Students get jazzy at Northern Arizona University Jazz Festival

Grand Canyon School Jazz Band receives excellence rating and plaque at Northern Arizona University Jazz Festival, Feb. 26

Grand Canyon School Jazz Band at the Northern Arizona University Jazz Festival, Feb. 26. Loretta Yerian/WGCN

Grand Canyon School Jazz Band at the Northern Arizona University Jazz Festival, Feb. 26. Loretta Yerian/WGCN

GRAND CANYON, Ariz. -The Grand Canyon School Jazz Band practiced and perfected several songs over the last several months - songs they performed at the 53rd annual Northern Arizona University (NAU) Jazz Festival on Feb. 26.

Each year the NAU Jazz Festival opens its doors for three days to high schools - offering clinics and featuring guest performers for inspiration. This year internationally acclaimed trumpeter Jeremy Pelt, who is currently touring the United States and Europe promoting his latest album, performed at the festival.

On the first day of the festival, Grand Canyon School was the second group to perform. According to Grand Canyon School band director Bently Monk it was an ideal time to play, since there were around 60 schools performing over the course of three days.

"Because of transportation issues, we always take the Thursday spot," Monk said. "There are twenty schools competing today, twenty schools competing on Friday and twenty schools competing on Saturday. We take one of the first spots, which could benefit us since they (judges) haven't been listening to others play all day."

The jazz festival is a state competition that falls under the Arizona music educators association's rules and guidelines for bands. According to Monk, the band had the option to go to the jazz festival or a regular concert band festival. They chose the festival because of its closer proximity to Grand Canyon School.

"We do the jazz festival because it's closer and a little more accessible for the kids," Monk said.

To kick off their session the band performed "Jazzberry Jam," a familiar piece they played at the school's holiday concert.

"We revamped it ("Jazzberry Jam") and turned it into a New Orleans second line - New Orleans second line is a traditional thing that happens after a funeral," Monk said. "The people hit the streets and they walk and play and have a good time and celebrate people's lives instead of celebrating death."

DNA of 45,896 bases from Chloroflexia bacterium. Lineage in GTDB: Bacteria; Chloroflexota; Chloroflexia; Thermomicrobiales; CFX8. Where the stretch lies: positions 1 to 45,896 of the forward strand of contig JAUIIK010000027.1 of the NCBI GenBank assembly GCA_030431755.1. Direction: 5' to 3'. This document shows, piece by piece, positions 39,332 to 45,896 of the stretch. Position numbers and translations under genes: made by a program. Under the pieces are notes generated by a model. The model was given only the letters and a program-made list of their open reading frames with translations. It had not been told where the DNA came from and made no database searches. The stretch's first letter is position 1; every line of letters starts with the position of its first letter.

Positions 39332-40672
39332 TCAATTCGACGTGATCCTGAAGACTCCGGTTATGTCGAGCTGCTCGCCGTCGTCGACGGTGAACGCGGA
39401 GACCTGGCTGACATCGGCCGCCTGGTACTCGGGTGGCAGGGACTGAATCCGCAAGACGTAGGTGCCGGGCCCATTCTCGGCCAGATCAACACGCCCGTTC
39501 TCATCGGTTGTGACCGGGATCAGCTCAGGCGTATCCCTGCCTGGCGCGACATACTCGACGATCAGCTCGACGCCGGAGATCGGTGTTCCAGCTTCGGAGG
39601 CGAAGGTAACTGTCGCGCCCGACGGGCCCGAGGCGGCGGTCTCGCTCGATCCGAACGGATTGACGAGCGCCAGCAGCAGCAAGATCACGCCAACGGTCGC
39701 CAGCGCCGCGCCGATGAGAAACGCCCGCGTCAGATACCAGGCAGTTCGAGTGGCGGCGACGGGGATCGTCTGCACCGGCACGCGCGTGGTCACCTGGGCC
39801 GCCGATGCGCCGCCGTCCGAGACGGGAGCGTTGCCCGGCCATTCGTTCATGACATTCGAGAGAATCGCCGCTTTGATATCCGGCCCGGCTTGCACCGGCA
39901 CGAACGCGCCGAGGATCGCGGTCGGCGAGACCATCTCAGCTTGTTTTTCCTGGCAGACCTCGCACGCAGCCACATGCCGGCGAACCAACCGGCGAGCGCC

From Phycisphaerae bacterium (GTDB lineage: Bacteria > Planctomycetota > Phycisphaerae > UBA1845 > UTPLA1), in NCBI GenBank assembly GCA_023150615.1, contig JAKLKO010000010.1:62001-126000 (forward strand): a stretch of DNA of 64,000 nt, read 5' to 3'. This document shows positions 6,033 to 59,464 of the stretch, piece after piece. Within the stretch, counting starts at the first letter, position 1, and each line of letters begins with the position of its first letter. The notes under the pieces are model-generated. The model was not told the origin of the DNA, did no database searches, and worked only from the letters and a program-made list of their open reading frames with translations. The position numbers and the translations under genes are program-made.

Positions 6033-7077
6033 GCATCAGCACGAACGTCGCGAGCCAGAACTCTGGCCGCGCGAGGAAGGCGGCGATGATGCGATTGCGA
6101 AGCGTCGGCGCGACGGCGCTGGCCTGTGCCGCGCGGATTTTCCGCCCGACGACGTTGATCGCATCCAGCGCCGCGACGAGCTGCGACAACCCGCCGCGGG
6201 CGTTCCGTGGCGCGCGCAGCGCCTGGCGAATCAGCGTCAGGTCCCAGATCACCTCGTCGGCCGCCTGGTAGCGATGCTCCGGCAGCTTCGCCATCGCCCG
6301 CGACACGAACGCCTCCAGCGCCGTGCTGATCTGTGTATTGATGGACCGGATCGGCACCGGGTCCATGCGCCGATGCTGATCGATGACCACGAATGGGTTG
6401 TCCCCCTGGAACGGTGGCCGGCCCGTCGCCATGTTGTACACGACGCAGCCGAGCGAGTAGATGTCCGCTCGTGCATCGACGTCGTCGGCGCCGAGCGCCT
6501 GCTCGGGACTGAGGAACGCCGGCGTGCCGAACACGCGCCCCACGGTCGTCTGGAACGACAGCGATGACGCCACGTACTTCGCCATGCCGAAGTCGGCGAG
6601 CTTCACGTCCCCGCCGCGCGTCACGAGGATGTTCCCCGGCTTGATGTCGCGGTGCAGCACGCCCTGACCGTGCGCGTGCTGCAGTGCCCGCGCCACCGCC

The band followed "Jazzberry Jam" with a slower piece "Walnut Creek" and ended with the swing piece "See if I Don't." The band featured solo acts by Valeria Romero on the clarinet, Savannah Perkins on the trumpet, Kyla Pearce on the alto saxophone, Ellie Perkins with a piano solo and Ashlee Sanderson on the clarinet. 

"They'll be in contest today, not just going for comments and then the judges will rate, judge them and give them comments," Monk said before the performance last Thursday.

Judges for the festival are professional jazz musicians from around the U.S. and after the band received its rating, a judges met in a clinic room with the band to offer suggestions and help students develop their skills.

According to Monk students are required to meet certain standards for the division they perform. The competition is open to all schools and offers students the chance to advance to the next level of performance, including jazz festivals around the U.S.

"This could be a good stepping ground because there are jazz festivals all over the country that you have to have placed in a festival beforehand, had it recorded, turned it in and then go someplace else in the country to perform," Monk said.

This year the band received two two ratings and one one rating. According to Monk band festival ratings are like golf, with a lower score being better.

"The kids did really great," he said.

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